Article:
This outdoor, sidewalk seafood bar is one of the most charming places to eat in Jersey City, especially in the summer. Situated behind Lighthorse Tavern, Lobster Garage is supposed to imitate a New England-style seafood shack: Cold beer, oysters, clam chowder, and lobster rolls are served from a bar in an actual repurposed garage. Diners relax at picnic tables on the sidewalk, sipping drinks in the sunshine. The Lobster Garage isn’t cheap, but it’s worth stopping by on a warm afternoon for the convivial atmosphere. It’s also the perfect spot for day drinking.
What to order: Fresh oysters, lobster bisque, fried shrimp basket
Where: 98 Morris St, Jersey City, NJ 07302
Outside of Scandinavia, rye bread can be a bit of a niche proposition. The dense bread is beloved by the health-conscious among us though, and switching from wheat breads to rye could bring you a range of benefits.
Here are 9 health benefits of rye bread that may make you consider adopting it as your sandwich standard.
1. Rye bread is full of fiber.
We all know in theory that we should seek out high-fibre foods to help our digestion and cholesterol, among others reasons, but finding the right foods to hit our intake isn’t always easy.
Handily, rye bread is incredibly high in fibre, with twice as much as most standard wheat-based breads.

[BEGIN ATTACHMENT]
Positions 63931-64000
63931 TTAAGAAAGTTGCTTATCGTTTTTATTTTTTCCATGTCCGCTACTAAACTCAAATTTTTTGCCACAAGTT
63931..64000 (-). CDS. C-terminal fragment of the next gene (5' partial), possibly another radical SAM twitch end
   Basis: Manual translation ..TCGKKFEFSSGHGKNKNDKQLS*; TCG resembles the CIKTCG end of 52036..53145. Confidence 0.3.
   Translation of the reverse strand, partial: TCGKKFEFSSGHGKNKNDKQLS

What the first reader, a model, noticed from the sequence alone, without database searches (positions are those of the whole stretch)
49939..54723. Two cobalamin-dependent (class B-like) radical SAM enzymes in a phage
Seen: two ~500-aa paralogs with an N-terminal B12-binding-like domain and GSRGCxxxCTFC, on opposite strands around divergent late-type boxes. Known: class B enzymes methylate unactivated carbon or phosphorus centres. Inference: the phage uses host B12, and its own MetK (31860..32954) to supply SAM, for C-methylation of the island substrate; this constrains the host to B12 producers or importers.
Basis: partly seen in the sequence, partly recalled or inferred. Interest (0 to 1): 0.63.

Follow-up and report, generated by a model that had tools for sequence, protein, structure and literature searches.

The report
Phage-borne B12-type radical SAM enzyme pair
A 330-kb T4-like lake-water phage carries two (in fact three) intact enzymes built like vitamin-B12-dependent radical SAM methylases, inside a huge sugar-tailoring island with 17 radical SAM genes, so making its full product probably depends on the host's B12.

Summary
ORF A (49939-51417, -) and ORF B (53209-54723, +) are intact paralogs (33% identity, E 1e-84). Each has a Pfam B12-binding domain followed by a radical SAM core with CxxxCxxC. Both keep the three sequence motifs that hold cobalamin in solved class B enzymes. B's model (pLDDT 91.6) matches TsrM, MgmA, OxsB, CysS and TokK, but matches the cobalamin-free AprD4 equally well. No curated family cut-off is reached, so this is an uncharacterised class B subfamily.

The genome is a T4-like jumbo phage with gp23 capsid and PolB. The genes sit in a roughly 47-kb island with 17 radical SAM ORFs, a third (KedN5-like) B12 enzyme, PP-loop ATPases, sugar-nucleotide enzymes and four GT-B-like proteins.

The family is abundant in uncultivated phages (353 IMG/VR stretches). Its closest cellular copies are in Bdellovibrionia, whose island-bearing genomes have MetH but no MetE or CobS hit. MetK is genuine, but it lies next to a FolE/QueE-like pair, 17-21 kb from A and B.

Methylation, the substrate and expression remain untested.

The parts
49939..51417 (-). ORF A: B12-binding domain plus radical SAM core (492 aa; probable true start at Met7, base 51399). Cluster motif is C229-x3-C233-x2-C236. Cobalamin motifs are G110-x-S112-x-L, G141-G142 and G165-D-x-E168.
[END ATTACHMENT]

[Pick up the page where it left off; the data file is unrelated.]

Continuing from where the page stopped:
Rhiannon Lambert a Harley Street nutritionist and author of Re-Nourish: A Simple Way to Eat Well (£19.99, Yellow Kite) says “the additional fibre [in rye bread] may aid digestion and may also help you to feel nice and full for a longer period of time after a meal.”
2. It’ll fill you up for longer
Speaking of appetite, a study in Sweden, where rye bread is widely consumed, found that eating it as part of your breakfast not only makes you feel less hungry before lunch, but even has a knock-on effect afterwards.
Effectively, rye bread can help control your appetite and leave you feeling satiated all day, which should put it in pole position as your breakfast of choice ahead of a trying day – or if you know someone’s scheduled a pesky lunchtime meeting.
Rye unfortunately still contains some of the pesky proteins found in gluten grains, so those with an intolerance or coeliac disease should avoid it. However, if you’re trying to cut down on gluten without avoiding it altogether, rye could be a perfect substitute to that early morning bagel.
It has lower levels than most white breads, which is partly why it’s so dense, making it a great option for people who have a slight sensitivity.